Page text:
GENEVA — Survivors of COVID-19 from 37 countries are among almost 1,000 people who have signed an open letter to pharmaceutical industry leaders calling for a ‘people’s vaccine’ and treatments that are available to all – free from patents. The letter comes on the eve of a high-level side event about the pandemic at the UN General Assembly in New York tomorrow (30 September).
The signatories include 242 COVID-19 survivors from South Africa to Finland and New Zealand to Brazil. They also include 190 people in 46 countries who have lost relatives to the virus, and 572 signatories with underlying health conditions that mean they face a greater risk of severe illness if they contract COVID-19.
The letter says: “Some of us have lost loved ones to this killer disease. Some of us have come close to death ourselves. Some of us are continuing to live in fear that contracting this disease would be fatal for us. We see no justification why your profit or monopolies should mean anyone else should go through this.”
It describes pharmaceutical corporations as “carrying on with business as usual – defending monopolies while refusing to share research and know-how” and calls on industry leaders to “ensure COVID-19 vaccines and treatments reach everyone who needs them by preventing monopolies, ramping up production and sharing knowledge.”
Pharmaceutical monopolies will restrict the production of effective vaccines and treatments to a small number of manufacturers, preventing the mass production that is needed to meet global demand. The letter demands that corporations immediately license vaccine technology and intellectual property rights to the WHO COVID-19 Technology Access Pool (C-TAP).
One of the signatories, Dilafruz Gafurova, 43, from Tajikistan, said: “Me and my husband got sick with this disease. We could only rely on ourselves as hospitals were full … It was really difficult to get the right medicines. I am a mother of four children … I was afraid to leave them alone in this world if something bad could happen with me … The reason I am signing this letter is to help others to get [a] vaccine. Not all the people around the world can get this vaccine, as they simply cannot afford it. They hardly [have enough to meet] their daily needs.”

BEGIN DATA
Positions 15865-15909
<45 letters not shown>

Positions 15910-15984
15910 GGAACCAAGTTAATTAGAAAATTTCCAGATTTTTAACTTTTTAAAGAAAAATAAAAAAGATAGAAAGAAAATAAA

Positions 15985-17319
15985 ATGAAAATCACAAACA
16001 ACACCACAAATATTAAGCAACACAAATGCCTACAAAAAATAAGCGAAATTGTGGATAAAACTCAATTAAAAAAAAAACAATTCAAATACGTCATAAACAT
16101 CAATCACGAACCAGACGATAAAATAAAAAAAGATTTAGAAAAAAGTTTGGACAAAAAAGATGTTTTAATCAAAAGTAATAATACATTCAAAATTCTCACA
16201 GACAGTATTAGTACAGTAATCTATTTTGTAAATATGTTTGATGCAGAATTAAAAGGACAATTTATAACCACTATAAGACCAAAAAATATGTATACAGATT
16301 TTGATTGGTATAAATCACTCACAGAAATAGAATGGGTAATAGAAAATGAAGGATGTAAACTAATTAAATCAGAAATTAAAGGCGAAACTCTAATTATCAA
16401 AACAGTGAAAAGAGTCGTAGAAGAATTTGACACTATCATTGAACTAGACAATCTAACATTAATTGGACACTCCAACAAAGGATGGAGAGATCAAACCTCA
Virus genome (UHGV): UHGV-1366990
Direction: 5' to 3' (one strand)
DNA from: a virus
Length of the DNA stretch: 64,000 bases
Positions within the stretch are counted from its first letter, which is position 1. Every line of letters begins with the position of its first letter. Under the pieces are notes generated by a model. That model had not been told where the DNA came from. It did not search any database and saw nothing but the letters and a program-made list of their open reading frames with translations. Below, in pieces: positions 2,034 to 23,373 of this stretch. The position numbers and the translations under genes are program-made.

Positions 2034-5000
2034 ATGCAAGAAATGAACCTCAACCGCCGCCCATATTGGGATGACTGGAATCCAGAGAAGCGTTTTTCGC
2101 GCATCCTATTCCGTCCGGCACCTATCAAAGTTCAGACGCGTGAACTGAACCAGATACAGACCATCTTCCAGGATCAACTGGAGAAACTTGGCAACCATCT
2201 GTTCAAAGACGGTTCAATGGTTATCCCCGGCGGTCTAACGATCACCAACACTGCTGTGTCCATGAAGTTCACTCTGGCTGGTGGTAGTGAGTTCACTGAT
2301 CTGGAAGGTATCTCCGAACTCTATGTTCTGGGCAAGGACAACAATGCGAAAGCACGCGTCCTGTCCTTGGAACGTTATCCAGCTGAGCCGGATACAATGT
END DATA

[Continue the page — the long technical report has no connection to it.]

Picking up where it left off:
The letter was organised by the People’s Vaccine Alliance, a global coalition of organisations and activists united under a common aim of campaigning for a people’s vaccine for COVID-19 that is based on shared knowledge and is freely available to everyone everywhere.
Tomorrow at the UN General Assembly, Bill Gates and UK Prime Minister Boris Johnson will be among other high-profile figures discussing vaccine access. So far rich nations have failed to exert pressure on pharmaceutical corporations to share technology to maximise the supply of successful vaccines and treatments worldwide.
Heidi Chow from Global Justice Now, a member of the People’s Vaccine Alliance said: “Pharmaceutical companies need to pay attention to the demands of people from around the world who have experienced the fear and devastation of COVID-19. The industry cannot block its ears to these voices but should respond immediately by ending their monopolies and commit to sharing manufacturing know-how. These actions are crucial to expand vaccine supplies so that all countries can affordably access effective vaccines.”
Winnie Byanyima, Executive Director of UNAIDS, said: “With AIDS we saw that when treatments were found the wealthier people in wealthier countries got back to health, while millions of people in developing countries were left to die. We must not repeat the same mistake when a vaccine for COVID-19 is found. The right to health is a human right—it should not depend on the money in your pocket or the colour of your skin to be vaccinated against this deadly virus. A vaccine should be a global public good and free of charge for all.”
The Alliance is also calling on governments to make public funding for research and development of COVID-19 diagnostics, vaccines and treatments conditional on pharmaceutical companies sharing their knowledge and technology free from patents. When an effective vaccine is available, the Alliance demands that doses are fairly distributed with priority given to health workers and other at-risk groups in all countries.